BOSTON -- There was no minor penalty for a Dion Phaneuf hit that rode up a bit high on Daniel Paille, and there will be no supplemental discipline from the NHL Department of Player Safety either. The incident happened with about 7:45 remaining in the third period as Paille received the puck against the side boards in the neutral zone, and Phaneuf moved in with a shoulder check that caught the fourth line forward.
Initially the hit appeared to be a check directed at Paille’s head, and he made an elbowing motion to the referees after the play, looking for a call. Coming off Game 1 where Andrew Ference was suspended for a similar blow to the head, it’s understandable from the Bruins’ players’ perspective that they’re looking for things to be called both ways.
“There were similarities [to the Ference hit], but slight differences as well,” said Paille. “It’s not something we have to think about it. The league will decide about it. It was unfortunate that it happened, but it’s something we can’t really control as players.”
The frustration is understandable given that Boston earned only eight seconds of power play time through an intensely physical playoff hockey game on their own TD Garden home ice.
Several views of the video, however, showed Phaneuf caught Paille with a hit where the chest was the principal point of contact, and then it appeared the Toronto defenseman finished with a shoulder in Paille's. Perhaps it should have been a minor penalty for elbowing or an illegal check to the head, but Phaneuf’s hit didn’t seem to rise to the level of suspension-worthy in this case.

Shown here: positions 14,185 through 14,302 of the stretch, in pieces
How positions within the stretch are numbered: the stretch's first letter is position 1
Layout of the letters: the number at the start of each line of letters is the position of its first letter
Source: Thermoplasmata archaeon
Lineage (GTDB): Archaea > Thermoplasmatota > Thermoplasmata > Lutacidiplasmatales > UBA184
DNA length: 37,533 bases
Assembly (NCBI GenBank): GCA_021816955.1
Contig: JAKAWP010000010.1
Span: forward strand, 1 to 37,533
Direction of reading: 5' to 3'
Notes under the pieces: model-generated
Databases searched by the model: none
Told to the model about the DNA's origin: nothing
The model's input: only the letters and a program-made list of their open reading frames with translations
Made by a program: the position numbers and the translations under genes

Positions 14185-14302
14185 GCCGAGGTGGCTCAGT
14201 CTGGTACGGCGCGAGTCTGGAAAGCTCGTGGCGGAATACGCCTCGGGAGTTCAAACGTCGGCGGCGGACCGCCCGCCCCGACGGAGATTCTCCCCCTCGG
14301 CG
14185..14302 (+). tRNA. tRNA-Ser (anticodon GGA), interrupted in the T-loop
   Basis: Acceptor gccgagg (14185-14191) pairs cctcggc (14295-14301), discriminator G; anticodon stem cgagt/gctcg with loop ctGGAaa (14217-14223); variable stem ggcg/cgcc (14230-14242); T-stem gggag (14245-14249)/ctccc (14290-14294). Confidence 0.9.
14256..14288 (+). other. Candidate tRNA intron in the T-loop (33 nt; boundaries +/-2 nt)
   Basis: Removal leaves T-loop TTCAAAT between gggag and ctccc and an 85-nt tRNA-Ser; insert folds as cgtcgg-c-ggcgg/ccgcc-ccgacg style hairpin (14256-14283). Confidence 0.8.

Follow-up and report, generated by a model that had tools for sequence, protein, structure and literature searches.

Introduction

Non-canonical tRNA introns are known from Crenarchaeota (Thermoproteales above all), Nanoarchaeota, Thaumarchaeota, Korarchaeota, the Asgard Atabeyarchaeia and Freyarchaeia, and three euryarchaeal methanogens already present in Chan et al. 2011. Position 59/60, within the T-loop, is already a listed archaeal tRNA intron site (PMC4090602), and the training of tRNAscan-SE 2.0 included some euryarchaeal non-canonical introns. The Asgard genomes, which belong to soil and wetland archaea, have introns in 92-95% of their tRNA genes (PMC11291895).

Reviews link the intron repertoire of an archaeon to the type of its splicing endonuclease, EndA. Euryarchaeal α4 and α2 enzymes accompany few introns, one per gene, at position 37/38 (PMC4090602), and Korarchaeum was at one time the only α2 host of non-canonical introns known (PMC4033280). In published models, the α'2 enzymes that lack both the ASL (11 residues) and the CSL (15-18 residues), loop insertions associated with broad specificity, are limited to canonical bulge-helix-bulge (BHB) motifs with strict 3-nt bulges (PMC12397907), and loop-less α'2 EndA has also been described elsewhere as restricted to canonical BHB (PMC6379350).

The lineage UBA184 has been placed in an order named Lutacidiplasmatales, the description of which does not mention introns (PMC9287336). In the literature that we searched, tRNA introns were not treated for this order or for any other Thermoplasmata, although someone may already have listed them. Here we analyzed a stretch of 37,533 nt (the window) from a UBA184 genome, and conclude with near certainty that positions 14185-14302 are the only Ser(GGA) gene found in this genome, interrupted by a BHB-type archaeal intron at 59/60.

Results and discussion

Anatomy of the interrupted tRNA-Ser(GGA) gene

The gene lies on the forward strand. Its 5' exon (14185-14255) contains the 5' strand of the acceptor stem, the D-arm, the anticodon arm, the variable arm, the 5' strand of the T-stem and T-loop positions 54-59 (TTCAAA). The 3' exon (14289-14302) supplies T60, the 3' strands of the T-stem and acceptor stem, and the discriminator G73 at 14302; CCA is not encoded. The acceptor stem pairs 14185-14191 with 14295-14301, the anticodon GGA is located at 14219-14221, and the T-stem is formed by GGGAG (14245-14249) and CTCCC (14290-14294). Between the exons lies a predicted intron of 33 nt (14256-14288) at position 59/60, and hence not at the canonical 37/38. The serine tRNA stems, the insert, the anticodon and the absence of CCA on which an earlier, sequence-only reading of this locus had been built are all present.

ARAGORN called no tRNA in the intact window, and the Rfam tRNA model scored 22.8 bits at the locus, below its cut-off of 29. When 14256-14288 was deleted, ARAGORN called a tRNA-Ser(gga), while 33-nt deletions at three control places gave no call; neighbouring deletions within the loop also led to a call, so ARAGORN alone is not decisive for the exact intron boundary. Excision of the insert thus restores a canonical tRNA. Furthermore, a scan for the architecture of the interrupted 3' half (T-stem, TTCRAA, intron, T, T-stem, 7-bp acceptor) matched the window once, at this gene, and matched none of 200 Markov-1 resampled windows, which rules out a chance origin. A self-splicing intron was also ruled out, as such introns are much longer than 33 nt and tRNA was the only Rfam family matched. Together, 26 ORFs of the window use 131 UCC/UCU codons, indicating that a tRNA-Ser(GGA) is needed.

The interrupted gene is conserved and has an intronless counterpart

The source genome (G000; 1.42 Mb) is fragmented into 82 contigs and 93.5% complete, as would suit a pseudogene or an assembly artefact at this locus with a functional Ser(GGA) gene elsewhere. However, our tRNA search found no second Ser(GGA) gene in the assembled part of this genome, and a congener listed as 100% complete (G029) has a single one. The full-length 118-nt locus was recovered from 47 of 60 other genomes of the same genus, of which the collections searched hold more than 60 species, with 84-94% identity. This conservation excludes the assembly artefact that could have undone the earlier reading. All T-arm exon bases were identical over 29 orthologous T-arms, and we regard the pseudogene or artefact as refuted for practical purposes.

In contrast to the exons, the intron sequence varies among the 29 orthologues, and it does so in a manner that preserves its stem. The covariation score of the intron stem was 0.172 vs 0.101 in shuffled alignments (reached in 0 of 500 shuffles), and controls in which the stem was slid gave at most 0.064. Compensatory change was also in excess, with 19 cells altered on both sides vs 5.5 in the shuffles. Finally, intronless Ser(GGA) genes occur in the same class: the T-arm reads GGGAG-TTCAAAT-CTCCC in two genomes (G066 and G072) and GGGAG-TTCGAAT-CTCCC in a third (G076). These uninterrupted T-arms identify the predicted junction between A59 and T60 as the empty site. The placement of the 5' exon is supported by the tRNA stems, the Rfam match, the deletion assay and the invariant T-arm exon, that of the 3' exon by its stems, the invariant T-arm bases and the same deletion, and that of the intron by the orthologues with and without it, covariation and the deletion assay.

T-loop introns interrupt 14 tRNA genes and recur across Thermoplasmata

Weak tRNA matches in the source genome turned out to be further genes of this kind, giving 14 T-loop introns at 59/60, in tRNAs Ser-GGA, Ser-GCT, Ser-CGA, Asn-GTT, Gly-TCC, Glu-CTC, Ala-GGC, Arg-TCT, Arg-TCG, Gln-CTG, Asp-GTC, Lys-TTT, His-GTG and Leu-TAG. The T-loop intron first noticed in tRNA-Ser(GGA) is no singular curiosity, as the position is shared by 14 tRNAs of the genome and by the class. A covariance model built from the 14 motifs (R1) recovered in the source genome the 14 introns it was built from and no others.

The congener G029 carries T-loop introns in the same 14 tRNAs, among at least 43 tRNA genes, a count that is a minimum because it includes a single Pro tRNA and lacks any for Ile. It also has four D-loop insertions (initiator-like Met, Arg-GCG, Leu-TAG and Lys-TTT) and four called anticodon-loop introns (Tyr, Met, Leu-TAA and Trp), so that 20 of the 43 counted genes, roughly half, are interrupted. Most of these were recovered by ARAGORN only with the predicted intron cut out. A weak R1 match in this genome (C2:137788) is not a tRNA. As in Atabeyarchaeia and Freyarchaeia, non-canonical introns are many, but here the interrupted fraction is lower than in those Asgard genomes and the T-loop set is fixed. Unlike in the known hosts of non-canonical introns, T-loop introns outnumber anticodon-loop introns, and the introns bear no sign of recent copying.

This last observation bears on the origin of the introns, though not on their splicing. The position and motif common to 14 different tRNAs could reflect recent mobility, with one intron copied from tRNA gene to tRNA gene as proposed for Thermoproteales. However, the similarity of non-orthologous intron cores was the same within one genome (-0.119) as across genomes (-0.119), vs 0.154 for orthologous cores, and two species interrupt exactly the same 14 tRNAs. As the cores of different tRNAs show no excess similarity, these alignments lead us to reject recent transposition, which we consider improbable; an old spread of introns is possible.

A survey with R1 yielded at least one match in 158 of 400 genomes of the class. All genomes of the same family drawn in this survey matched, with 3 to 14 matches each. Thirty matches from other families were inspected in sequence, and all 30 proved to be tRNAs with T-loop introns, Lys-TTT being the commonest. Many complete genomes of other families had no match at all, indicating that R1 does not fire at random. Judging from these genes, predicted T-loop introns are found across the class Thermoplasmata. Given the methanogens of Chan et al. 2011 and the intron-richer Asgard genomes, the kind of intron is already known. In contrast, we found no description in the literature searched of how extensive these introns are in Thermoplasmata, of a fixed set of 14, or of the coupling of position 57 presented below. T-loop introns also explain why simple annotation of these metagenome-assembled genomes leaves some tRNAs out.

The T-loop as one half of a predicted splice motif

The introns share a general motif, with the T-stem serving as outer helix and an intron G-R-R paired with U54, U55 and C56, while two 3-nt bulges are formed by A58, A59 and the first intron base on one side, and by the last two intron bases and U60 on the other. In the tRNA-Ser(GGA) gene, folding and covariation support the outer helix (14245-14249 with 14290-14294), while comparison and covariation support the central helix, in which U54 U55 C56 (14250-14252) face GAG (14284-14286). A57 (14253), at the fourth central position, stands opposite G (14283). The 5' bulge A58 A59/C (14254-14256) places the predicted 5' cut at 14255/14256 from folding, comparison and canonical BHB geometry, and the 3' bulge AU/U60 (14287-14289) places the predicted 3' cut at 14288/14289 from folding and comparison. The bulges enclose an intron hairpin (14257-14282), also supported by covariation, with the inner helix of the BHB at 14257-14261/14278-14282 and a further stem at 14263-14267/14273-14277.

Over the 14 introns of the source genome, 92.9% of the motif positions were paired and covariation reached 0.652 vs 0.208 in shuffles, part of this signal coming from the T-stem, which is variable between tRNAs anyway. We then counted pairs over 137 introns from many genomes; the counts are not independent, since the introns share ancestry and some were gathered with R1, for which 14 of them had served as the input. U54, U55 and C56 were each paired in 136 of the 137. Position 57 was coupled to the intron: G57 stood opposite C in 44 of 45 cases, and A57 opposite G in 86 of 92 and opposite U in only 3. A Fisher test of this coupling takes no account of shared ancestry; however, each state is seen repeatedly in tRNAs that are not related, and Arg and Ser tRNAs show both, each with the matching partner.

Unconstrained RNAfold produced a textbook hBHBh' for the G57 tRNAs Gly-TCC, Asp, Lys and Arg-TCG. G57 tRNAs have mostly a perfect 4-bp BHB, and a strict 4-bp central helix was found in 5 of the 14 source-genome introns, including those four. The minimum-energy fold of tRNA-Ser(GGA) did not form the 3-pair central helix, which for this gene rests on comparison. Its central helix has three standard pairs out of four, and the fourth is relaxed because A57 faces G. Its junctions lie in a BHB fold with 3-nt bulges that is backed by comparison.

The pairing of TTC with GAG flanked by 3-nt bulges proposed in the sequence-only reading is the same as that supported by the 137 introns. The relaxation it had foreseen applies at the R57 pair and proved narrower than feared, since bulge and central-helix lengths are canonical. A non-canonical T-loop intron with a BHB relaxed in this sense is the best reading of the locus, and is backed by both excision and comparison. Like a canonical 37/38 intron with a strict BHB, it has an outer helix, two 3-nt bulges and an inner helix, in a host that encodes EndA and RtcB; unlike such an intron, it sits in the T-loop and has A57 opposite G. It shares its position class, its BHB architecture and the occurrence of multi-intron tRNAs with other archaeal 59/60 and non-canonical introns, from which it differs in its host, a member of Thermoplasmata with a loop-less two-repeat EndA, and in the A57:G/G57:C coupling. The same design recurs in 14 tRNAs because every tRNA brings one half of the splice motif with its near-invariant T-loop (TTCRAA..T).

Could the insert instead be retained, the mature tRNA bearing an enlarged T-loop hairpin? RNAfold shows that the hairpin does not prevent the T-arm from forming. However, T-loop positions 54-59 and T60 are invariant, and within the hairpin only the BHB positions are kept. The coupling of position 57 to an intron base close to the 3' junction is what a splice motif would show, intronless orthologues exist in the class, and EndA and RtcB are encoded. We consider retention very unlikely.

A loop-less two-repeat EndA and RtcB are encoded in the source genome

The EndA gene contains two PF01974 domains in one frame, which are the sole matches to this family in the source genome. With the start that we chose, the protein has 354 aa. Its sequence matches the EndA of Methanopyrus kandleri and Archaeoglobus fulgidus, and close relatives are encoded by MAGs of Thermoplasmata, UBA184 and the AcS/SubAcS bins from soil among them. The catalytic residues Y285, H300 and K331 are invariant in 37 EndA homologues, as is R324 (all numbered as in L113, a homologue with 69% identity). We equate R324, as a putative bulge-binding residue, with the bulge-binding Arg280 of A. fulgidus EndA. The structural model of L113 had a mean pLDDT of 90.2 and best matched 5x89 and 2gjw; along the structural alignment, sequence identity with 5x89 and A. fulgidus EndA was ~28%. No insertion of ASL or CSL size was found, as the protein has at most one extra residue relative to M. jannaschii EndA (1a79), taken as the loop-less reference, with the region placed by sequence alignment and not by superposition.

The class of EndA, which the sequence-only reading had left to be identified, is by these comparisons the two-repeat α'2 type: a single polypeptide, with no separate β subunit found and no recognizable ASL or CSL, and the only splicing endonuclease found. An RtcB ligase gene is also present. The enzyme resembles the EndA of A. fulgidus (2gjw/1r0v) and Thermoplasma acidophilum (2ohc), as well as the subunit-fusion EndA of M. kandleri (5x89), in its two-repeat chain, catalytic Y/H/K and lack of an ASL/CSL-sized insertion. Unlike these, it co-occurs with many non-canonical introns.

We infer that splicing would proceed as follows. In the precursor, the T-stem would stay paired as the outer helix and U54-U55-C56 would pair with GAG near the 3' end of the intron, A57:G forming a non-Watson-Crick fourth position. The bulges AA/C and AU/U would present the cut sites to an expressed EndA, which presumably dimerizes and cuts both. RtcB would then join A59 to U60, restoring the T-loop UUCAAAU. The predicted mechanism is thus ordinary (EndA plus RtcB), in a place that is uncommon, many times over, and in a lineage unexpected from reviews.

A day later, without supplemental disciplinary action against the hard-hitting Phaneuf, Paille was ready to move on to Games 3 and 4 in Toronto with the rest of the Bruins.
“I haven’t seen the video, but I know my head got hit. I’m not sure if it was shoulder or arm, or anything,” said Paille. “He’s a big hitter. I stood up and didn’t fall. I think that’s a big reason why [there was no penalty or suspension].
“Plays like that are called normally. Not always, but normally. During a game when a play like that isn’t called you get frustrated by it. It’s just something that you can’t control. You just want to move on and worry about the next game. It was frustrating at the moment, and it was something that caught us off guard.”
Paille also said that the cut on the bridge of his nose wasn’t from the Phaneuf hit, but was instead aftermath from a play just previous to the incident where he went in for a hit on Matt Frattin. The impact from Frattin's elbow caused his visor to rip open the bridge of his nose and required a couple of stitches to clean up.
So it was a pretty rough night all around for Paille, and not getting any kind of recognition from the referees or the league made it all the tougher.